Blogging; interaction, follow-ups and citizen journalism

Media cultures today are overwhelmed with means of communication, there are magazines, newspapers, TV, Radio, online news, forums, and blogs, each and every unique in its own way and used for a certain purpose.  Journalists on-the-go may prefer to use online mobile platforms which readers can read on-the-go or an investigative reporter might refer to a TV report or a full feature newspaper story for a more in-detailed story, but one medium of media outlet has taken the world by storm lately, with providers like wordpress, blogspot and blogger, blogs have become one of the most interactive and popular forms of written media.

There are many factors that attract writers to blogging. To start off with blogs are easy, cheap and everyone has access to them, no need to pitch your story to an editor, all one has to do is type and post. Other than the easy publishing, when blogging you have the freedom to write in whichever way you feel like and even include your own opinion no matter how bias it might be.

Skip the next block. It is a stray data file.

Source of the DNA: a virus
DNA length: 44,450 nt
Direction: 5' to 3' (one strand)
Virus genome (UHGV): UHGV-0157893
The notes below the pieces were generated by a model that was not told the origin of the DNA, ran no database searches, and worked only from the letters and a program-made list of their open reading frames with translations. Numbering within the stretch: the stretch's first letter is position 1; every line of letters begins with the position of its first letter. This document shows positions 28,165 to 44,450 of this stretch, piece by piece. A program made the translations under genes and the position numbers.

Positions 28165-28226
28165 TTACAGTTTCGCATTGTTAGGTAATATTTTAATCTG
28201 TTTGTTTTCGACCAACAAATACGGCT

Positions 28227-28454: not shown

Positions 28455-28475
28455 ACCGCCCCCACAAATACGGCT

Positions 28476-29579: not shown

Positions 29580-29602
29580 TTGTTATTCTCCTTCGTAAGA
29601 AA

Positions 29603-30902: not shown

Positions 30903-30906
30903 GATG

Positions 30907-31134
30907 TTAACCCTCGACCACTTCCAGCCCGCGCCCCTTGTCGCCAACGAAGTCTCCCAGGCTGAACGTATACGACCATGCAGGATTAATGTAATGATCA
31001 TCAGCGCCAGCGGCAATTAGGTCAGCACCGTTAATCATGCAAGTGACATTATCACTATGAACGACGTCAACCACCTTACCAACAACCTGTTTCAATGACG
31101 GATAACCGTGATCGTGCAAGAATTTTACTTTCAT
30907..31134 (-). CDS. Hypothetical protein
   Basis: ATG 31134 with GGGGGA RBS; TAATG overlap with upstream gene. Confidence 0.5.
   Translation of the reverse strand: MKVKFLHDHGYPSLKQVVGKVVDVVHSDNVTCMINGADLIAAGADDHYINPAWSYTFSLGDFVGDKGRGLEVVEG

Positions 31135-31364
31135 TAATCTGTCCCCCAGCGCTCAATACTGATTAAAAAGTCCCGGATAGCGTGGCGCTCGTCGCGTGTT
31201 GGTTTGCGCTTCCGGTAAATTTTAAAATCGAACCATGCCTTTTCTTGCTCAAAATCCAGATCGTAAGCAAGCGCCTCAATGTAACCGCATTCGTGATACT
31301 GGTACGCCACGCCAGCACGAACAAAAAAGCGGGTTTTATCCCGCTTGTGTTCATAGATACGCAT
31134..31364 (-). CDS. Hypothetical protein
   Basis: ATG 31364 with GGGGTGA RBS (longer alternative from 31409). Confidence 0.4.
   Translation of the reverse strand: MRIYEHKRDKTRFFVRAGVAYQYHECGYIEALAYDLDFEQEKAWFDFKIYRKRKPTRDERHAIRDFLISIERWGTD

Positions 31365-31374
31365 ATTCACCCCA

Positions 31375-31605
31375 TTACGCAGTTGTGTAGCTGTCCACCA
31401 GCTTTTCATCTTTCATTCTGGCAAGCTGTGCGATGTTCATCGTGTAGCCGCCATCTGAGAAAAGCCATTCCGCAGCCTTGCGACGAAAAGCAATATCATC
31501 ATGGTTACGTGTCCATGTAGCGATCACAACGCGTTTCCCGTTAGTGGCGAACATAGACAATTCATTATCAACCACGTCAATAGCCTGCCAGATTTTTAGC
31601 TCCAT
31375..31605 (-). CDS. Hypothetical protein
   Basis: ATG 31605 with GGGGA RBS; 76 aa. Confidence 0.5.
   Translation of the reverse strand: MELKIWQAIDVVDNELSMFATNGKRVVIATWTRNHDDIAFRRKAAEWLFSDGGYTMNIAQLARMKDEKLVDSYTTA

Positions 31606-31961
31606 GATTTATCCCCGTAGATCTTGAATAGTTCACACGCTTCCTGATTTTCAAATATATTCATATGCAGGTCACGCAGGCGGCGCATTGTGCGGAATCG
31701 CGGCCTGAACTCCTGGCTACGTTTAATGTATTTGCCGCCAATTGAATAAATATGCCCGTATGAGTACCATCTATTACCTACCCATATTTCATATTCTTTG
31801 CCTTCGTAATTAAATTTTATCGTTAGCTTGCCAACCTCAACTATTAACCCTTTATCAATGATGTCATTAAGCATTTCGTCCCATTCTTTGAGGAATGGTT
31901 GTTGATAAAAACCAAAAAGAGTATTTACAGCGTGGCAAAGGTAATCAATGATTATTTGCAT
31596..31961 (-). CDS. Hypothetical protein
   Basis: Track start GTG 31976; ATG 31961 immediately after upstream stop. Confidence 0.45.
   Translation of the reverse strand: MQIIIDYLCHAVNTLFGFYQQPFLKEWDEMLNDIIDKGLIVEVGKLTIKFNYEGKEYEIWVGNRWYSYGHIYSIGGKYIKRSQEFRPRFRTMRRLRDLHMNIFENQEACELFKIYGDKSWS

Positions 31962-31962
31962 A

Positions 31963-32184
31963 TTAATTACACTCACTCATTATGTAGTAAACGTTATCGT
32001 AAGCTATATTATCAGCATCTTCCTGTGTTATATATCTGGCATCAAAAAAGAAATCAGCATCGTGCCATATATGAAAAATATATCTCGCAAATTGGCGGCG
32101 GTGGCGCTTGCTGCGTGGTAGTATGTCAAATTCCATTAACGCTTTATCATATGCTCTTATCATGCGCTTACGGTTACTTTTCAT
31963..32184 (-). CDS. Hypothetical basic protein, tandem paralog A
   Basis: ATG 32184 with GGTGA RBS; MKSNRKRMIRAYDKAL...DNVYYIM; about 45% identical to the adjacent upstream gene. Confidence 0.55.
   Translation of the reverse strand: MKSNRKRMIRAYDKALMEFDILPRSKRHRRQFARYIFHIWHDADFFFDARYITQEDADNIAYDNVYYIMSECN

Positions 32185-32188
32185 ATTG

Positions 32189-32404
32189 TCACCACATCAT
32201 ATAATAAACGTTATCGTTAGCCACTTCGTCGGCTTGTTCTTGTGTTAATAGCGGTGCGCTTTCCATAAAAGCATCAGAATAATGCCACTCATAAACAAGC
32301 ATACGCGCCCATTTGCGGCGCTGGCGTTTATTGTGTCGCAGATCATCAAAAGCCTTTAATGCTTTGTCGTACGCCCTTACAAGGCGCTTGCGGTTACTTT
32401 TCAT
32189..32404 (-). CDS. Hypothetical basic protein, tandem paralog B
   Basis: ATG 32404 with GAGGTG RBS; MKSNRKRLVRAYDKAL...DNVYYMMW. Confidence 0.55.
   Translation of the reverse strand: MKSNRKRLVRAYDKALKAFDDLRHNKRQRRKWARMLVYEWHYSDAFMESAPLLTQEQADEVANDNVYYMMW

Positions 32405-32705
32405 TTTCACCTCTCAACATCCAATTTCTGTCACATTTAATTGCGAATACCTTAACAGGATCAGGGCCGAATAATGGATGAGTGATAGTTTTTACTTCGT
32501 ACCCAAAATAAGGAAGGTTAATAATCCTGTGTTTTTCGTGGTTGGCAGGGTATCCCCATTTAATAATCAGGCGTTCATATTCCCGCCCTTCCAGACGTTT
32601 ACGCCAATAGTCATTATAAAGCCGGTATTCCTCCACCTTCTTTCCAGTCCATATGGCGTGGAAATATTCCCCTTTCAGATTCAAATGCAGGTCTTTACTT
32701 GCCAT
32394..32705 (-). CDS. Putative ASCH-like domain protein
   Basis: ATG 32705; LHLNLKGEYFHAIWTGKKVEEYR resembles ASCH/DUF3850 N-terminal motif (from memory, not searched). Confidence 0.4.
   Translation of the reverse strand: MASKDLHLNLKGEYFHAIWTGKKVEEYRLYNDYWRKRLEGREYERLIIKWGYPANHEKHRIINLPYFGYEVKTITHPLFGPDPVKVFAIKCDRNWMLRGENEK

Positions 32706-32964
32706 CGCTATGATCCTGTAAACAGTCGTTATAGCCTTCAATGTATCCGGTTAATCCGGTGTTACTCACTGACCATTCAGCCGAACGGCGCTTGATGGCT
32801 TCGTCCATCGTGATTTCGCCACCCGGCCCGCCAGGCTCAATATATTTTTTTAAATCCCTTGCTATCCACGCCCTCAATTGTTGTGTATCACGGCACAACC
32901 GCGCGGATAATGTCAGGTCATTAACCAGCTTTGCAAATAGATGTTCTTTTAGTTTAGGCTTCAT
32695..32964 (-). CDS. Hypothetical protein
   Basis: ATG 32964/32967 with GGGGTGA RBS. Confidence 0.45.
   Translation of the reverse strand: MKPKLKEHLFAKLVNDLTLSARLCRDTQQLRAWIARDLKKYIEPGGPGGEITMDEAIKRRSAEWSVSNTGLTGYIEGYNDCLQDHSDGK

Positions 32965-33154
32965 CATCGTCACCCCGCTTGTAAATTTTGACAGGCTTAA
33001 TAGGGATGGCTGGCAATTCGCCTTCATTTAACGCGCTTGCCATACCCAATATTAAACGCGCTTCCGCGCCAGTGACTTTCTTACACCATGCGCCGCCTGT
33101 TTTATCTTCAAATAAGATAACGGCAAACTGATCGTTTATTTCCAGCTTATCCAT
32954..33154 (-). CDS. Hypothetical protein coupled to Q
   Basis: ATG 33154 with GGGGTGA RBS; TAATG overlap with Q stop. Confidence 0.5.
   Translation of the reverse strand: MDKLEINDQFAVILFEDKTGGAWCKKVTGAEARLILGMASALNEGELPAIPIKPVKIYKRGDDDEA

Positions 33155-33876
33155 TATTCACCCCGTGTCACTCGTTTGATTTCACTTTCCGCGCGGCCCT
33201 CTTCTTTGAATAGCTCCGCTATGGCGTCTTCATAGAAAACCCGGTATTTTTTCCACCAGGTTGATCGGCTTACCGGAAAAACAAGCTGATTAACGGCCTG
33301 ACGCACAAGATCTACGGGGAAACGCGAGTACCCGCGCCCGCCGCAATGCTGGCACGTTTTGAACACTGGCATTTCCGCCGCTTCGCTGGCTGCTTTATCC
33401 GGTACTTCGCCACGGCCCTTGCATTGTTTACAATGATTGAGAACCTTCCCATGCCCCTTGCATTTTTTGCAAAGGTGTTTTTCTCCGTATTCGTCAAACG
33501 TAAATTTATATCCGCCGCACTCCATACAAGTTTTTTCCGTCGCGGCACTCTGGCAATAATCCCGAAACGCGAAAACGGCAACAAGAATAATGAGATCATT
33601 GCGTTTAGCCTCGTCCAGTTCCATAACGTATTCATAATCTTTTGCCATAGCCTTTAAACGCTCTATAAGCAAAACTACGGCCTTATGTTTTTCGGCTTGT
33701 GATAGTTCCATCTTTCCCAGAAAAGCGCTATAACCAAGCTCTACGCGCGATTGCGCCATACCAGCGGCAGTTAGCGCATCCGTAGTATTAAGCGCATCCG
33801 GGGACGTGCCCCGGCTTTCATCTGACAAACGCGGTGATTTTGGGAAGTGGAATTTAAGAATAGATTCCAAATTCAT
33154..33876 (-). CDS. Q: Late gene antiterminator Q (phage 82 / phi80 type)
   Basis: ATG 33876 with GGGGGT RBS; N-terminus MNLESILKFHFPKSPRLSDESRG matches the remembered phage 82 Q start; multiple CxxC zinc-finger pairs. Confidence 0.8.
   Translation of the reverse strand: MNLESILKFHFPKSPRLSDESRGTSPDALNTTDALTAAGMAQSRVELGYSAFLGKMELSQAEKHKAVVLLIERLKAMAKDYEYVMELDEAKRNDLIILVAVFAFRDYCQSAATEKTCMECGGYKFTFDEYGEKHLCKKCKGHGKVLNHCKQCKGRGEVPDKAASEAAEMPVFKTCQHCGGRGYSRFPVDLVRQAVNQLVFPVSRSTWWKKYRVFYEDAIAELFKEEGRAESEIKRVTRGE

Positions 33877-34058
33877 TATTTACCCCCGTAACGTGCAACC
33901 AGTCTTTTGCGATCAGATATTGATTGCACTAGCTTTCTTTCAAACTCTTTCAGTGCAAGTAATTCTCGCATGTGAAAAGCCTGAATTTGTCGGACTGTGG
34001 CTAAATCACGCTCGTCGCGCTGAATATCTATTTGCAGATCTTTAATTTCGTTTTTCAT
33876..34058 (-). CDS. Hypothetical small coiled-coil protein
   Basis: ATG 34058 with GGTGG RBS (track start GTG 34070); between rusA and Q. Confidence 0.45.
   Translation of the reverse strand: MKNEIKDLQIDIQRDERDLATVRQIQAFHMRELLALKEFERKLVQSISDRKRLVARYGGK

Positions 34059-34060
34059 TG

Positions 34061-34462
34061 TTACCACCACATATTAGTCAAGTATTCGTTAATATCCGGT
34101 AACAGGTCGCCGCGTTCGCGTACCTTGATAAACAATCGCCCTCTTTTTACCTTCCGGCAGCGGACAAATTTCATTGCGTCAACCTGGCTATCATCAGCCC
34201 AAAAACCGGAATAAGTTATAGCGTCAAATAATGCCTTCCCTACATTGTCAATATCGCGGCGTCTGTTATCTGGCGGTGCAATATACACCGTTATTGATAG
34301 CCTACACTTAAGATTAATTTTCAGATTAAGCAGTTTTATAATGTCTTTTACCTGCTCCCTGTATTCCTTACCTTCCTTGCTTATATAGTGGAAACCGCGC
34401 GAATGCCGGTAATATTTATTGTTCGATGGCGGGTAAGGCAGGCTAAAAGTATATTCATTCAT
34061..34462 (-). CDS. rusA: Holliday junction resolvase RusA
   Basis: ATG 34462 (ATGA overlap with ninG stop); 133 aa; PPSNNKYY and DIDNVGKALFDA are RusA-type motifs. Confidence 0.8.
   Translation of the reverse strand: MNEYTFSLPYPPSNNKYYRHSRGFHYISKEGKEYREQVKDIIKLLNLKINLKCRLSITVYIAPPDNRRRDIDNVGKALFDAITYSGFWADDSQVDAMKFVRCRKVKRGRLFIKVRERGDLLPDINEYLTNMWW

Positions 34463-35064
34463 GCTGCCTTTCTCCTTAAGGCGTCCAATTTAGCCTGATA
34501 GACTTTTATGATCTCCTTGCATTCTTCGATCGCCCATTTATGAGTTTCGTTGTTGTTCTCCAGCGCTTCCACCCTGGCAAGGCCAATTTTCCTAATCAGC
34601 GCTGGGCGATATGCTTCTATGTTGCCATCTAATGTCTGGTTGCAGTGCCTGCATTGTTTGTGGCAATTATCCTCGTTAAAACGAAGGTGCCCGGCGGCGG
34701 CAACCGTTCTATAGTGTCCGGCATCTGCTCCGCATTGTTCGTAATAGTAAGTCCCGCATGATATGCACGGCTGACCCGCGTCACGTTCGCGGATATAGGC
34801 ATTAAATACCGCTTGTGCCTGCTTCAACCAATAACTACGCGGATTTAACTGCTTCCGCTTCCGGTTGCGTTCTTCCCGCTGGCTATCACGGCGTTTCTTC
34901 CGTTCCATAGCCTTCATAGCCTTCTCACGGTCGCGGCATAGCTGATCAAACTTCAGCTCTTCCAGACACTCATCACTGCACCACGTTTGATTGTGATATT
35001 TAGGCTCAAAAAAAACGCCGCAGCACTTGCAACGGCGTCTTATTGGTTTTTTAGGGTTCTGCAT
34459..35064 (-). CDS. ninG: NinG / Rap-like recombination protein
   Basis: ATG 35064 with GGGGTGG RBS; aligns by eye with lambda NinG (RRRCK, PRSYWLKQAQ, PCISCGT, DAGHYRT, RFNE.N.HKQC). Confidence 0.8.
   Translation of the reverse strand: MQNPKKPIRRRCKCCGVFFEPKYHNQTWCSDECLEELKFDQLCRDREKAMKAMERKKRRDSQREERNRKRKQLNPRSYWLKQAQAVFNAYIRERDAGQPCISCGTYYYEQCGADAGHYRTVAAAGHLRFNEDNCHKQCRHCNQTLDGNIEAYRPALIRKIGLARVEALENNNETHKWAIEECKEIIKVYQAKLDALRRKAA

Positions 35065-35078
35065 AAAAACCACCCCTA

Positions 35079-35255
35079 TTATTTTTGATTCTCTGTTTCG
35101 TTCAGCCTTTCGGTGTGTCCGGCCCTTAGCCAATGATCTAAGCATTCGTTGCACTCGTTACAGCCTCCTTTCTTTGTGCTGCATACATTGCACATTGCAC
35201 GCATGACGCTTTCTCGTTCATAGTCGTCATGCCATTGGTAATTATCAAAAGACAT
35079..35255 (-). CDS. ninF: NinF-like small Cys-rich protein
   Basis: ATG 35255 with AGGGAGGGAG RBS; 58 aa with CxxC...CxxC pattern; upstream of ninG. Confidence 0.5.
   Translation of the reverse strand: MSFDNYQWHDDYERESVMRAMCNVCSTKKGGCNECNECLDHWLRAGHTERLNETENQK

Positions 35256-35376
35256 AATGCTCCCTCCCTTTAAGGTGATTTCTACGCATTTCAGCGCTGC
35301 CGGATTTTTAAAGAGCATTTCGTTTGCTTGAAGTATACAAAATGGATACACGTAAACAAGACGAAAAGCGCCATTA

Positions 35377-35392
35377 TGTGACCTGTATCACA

A blog can work as many things, it can be for criticism, it can be a speak of mind, it could be a journal or even it can be a news outlet. Running a blog is like having your own little newspaper or magazine but you’re the boss, the editor, the writer and even the designer.

A blog is also more interactive, where the writer can follow-up with his/hers post, receive feedback and comments, and can be shared on social media outlets. This personalizes ones story, it is important for one to speak their mind but when you do so it is even more important to listen to others piece of mind.

And finally and the reason most people prefer to blog is that you don’t have to be a professional, anyone can do it. Since blogs have become popular so has citizen journalism, where civilians write what they have seen or what they think about a certain topic and they’re reaching out.


3 thoughts on “Blogging; interaction, follow-ups and citizen journalism

    1. It doesn’t really matter what I think because the role of a blog is to grant the freedom of opinion.
      But I personally do not believe in “News Bloggers”, citizen journalism can be very misleading and bias, people speak their minds without doing the right research most of the times.

    2. At the same time these “unprofessional” accounts could add value to the endless bank of information around. These not-professional bloggers provide further insight into whatever topic they are tackling. Just like bloggers have opinions, media outlets have agenda their reporters have to abide to. So, in a sense, yes I would trust reading blogs because they provide personal perspectives which could, at times, be more credible than third party sources.

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